I have to.
According to Paljor’s mother, Angmo, the brave Indo-Tibetan border officer, might have thought that if he was able to summit Everest on the patriotic mission, it would bring benefits to the family. Sadly, his heart filled with ambitions and well-wishes to bring comfort to his family perished on the ferocious slopes of the mountain.
The border officer’s brother-in-law, Namgyal, was the last one to see the face of the brave soldier, he had to come to see Paljor off in Delhi, India before the expedition.
The Legend of “Green Boots”
The Green Boots is a lifeless body on Mount Everest’s Northeast ridge route. His nickname ‘Green Boots’ originated from his mountaineering boots. The boots appear to be green in color, and to identify him, mountaineers call him ‘Green Boots.’ Not only that, mountaineers make it a sad landmark while seeking their climb to the top of Everest.
The lifeless body of the Green Boots has not been officially identified, but it is believed to be Tsewang Paljor. The body lies in the limestone cave and has earned fame as ‘Green Boots Cave.‘ It is one of the grim waypoints for many climbers – some take it as a reference point to the summit of Mount Everest, while some take it as a symbol of the potential risks and dangers associated with mountaineering.
Green boot cave is the name given to the small, where Paljor used to rest.
Ethical Debates and Dilemmas
Green Boots is one of the major topics of controversies and dilemmas in the history of mountaineering. It somehow questions the ethic of climbing Mount Everest to the global mountaineers. The only question that always surfaces when anyone dies on mountains is, “Should the body be left as a permanent marker, honoring the deceased’s sacrifice, or should it be respectfully recovered and laid to rest?” And the same questions revolved around Tsewang Paljor’s ‘Green Boots’ demise. This has been one of the heated discussions within the mountaineering community.
But there are two-way answers. Since rescuing dead bodies from Mount Everest is very challenging, many bodies remain on the mountain, unharmed and unmoved by any human force. As we know, Everest features one of the most treacherous weather patterns in the world, with a high probability of avalanches and rock falls. Due to the lack of visibility, the helicopter rescuing campaigns are also highly affected, which adversely affects bringing down the dead bodies to the base camp.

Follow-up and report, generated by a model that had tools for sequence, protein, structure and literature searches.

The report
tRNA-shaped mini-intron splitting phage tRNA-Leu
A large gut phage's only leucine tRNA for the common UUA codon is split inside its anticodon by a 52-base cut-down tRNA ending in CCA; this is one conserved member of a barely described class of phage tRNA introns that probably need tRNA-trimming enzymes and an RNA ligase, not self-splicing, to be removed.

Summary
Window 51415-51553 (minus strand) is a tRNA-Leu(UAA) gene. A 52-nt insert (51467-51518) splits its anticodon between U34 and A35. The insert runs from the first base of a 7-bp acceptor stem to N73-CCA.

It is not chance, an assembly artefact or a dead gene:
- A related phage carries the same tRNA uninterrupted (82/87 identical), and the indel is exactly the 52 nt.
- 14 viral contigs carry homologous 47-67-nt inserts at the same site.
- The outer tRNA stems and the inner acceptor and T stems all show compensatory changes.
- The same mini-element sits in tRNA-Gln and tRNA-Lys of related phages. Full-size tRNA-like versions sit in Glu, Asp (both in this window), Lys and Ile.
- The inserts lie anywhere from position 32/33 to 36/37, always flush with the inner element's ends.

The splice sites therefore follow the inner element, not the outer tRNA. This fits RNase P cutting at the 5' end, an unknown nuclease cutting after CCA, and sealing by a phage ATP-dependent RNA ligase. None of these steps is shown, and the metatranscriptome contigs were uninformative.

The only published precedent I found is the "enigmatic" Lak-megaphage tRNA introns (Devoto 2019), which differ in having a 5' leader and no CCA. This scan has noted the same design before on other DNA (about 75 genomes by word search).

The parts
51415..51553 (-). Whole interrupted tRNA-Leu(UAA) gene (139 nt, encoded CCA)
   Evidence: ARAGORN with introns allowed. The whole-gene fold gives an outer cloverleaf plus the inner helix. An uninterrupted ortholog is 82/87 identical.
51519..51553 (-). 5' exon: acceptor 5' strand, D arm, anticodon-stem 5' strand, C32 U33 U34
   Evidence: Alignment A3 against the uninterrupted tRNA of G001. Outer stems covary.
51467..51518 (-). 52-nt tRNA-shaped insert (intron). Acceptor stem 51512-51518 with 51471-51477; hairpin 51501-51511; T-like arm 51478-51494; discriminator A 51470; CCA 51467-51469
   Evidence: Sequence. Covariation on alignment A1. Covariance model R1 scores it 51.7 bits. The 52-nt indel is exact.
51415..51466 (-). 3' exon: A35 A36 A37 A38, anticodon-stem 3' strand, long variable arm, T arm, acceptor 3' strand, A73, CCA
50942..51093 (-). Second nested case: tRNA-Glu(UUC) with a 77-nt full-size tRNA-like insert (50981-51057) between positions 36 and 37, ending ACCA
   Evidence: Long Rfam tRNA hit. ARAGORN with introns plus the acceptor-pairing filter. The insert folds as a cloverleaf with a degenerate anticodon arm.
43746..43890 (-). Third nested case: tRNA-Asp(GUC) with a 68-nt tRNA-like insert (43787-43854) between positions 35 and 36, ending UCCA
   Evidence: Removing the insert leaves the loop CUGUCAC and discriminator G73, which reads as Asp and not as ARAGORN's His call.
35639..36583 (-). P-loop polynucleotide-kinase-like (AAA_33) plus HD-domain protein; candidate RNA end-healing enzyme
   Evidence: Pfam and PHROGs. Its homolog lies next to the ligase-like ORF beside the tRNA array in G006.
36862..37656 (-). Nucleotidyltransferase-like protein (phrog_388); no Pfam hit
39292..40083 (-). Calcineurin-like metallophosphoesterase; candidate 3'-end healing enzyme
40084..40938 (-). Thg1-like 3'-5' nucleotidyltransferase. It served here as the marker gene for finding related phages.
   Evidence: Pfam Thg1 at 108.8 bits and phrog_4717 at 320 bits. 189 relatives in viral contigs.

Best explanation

And, sometimes, the families of the dead ones wish their bodies to be on Everest. Since most of the dead climbers were mountaineering enthusiasts, it has been found that their families wanted them to be laid to rest under the arms of the mighty Himalayas.
His Mother Begged Him Not To Go To Expedition
Tsewang Paljor was picked as one of the crew members to scale Mount Everest in 1996 by Indo-Tibet Police. It is said that Tsewang did not tell his family about the true destination where he was heading to. His mother begged him not to go on the expedition; however, he mentioned it as a must-go destination, which he wanted.
It is said that Tsewang always thought that if he could successfully climb Mount Everest that year, it would be financially beneficial to his family. Namgyal, his brother, was the last person to see him alive just before he headed toward the expedition. Who knew that he would never return from Mount Everest? But it is fact that his loss heavily affected his family and near ones.